Thanksgiving is just around the corner, which means mega-shopping days—Black Friday, Small Business Saturday, and Cyber Monday—are not far behind. And while Black Friday is a term that has been used since the 1960s (in Philadelphia at least), Cyber Monday is a relatively new phenomenon. Here’s what you need to know.
What is Cyber Monday?
Cyber Monday is the online counterpart to Black Friday, the busy shopping day just after Thanksgiving. It marks the start to online holiday shopping—with retailers offering big discounts. The term was coined in 2005 by Ellen Davis, senior director of strategic communications for the National Retail Federation, the Los Angeles Times reports.
“The name Cyber Monday grew out of the observation that millions of otherwise productive working Americans, fresh off a Thanksgiving weekend of window shopping, were returning to high-speed Internet connections at work on Monday and buying what they liked,” The New York Times‘ Michael Barbaro wrote in 2005.
When is Cyber Monday
Cyber Monday is the Monday after Thanksgiving. This year it falls on Monday, Nov. 27. However Cyber Monday (like Black Friday) has fallen prey to the “Christmas creep“: Discounts are now being offered during much of November and December (as eBay did this year) and not just on one single day, diluting some of Cyber Monday’s impact.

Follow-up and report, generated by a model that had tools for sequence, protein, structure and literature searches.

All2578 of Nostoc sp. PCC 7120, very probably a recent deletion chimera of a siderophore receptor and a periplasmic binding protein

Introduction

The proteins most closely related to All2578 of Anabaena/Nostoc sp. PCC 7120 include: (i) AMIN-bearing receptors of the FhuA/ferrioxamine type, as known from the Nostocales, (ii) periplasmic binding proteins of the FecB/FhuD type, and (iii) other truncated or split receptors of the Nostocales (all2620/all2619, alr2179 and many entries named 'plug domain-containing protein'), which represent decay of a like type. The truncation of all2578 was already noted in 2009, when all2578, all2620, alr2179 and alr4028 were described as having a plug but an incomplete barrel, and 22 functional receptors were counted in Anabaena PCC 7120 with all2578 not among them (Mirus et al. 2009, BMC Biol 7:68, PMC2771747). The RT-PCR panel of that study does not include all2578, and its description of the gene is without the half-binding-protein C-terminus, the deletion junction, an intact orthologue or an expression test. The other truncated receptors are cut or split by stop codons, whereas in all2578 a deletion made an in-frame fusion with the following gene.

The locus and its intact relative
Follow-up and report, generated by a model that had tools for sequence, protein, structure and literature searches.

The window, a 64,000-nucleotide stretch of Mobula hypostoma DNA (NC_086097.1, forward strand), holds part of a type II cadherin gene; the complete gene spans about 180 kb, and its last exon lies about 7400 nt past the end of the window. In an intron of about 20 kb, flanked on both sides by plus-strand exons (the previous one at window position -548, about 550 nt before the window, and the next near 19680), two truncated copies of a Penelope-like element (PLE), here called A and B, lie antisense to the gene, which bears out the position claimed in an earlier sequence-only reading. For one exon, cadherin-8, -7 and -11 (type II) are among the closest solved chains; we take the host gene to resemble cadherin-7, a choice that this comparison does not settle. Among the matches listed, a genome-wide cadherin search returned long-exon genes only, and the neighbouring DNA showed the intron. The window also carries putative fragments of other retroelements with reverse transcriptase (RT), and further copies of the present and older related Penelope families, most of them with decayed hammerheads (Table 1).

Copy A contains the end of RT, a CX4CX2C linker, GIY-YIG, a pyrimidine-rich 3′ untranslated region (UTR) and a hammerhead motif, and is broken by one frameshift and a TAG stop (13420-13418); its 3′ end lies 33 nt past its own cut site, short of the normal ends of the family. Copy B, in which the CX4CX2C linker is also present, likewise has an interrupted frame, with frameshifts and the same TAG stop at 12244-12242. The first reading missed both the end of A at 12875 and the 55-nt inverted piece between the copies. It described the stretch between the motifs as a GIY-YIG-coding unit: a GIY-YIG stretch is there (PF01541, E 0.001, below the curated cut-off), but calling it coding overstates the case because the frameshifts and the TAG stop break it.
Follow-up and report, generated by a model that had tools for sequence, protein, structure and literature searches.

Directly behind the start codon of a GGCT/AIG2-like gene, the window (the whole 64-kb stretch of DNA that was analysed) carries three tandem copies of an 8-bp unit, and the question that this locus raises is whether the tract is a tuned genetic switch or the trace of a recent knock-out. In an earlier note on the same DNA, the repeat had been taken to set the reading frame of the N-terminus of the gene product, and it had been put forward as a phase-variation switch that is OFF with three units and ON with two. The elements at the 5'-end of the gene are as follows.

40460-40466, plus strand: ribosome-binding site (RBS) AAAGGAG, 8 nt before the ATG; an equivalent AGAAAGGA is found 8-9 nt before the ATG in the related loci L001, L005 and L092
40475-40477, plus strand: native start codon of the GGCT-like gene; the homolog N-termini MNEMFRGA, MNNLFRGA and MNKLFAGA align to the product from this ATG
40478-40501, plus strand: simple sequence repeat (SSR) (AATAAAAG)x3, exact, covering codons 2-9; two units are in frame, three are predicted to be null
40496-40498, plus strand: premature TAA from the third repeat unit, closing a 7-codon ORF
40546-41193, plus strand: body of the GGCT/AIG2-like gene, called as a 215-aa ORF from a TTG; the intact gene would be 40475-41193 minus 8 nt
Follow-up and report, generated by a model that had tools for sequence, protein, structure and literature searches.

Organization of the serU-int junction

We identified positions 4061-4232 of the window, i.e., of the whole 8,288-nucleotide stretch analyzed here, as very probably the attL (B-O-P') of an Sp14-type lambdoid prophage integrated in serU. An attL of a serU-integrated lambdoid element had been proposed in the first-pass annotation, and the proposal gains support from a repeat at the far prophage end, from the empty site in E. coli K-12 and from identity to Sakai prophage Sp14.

How does Cyber Monday work?
Michael Brim, founder of BFAds.net, told Real Simple that “Cyber Monday is more of an extension of Black Friday than its own separate holiday.” Many retailers offer deals on both days. But on Cyber Monday, like Black Friday, retailers make limited-time offers, or store-wide discounts. How the sales compare, depends on the retailers (Amazon is known for having better Cyber Monday deals) and what you’re looking to buy.
What time does Cyber Monday start?
Most major retailers begin their sales when the clock strikes midnight on Monday. Cyber Monday deals typically have a shorter duration than Black Friday or Thanksgiving discounts. “Cyber Monday has many more short-lived offers, like Amazon’s lightning deals,” DealNews explains. “So it’s best to stay glued to your screen — whether it’s a laptop, phone, or tablet — as the deals will be fast and furious.”
Is Cyber Monday better than Black Friday?
That depends on your shopping style and what you’re looking to buy.
If you’d prefer to skip crowds and long lines at brick and mortar stores on Black Friday, then Cyber Monday is probably your best bet. If you’re looking for in-store only deals, or to avoid shipping fees or order cancellations (with Cyber Monday, you’re competing for deals on a national or worldwide level, Real Simple notes), in-person shopping is for you.
The type of product you’re looking to buy may also influence your decision: DealNews analyzed 2016 data to break down what day you should shop for which item. While nothing is guaranteed—this is a general guide, they note—DealNews found that Cyber Monday was good for laptops, travel, small kitchen appliances and shoes. Black Friday is best for clothing, and electronics are best purchased on Thanksgiving.
Check out Fortune’s guide for the best Black Friday and Cyber Monday deals.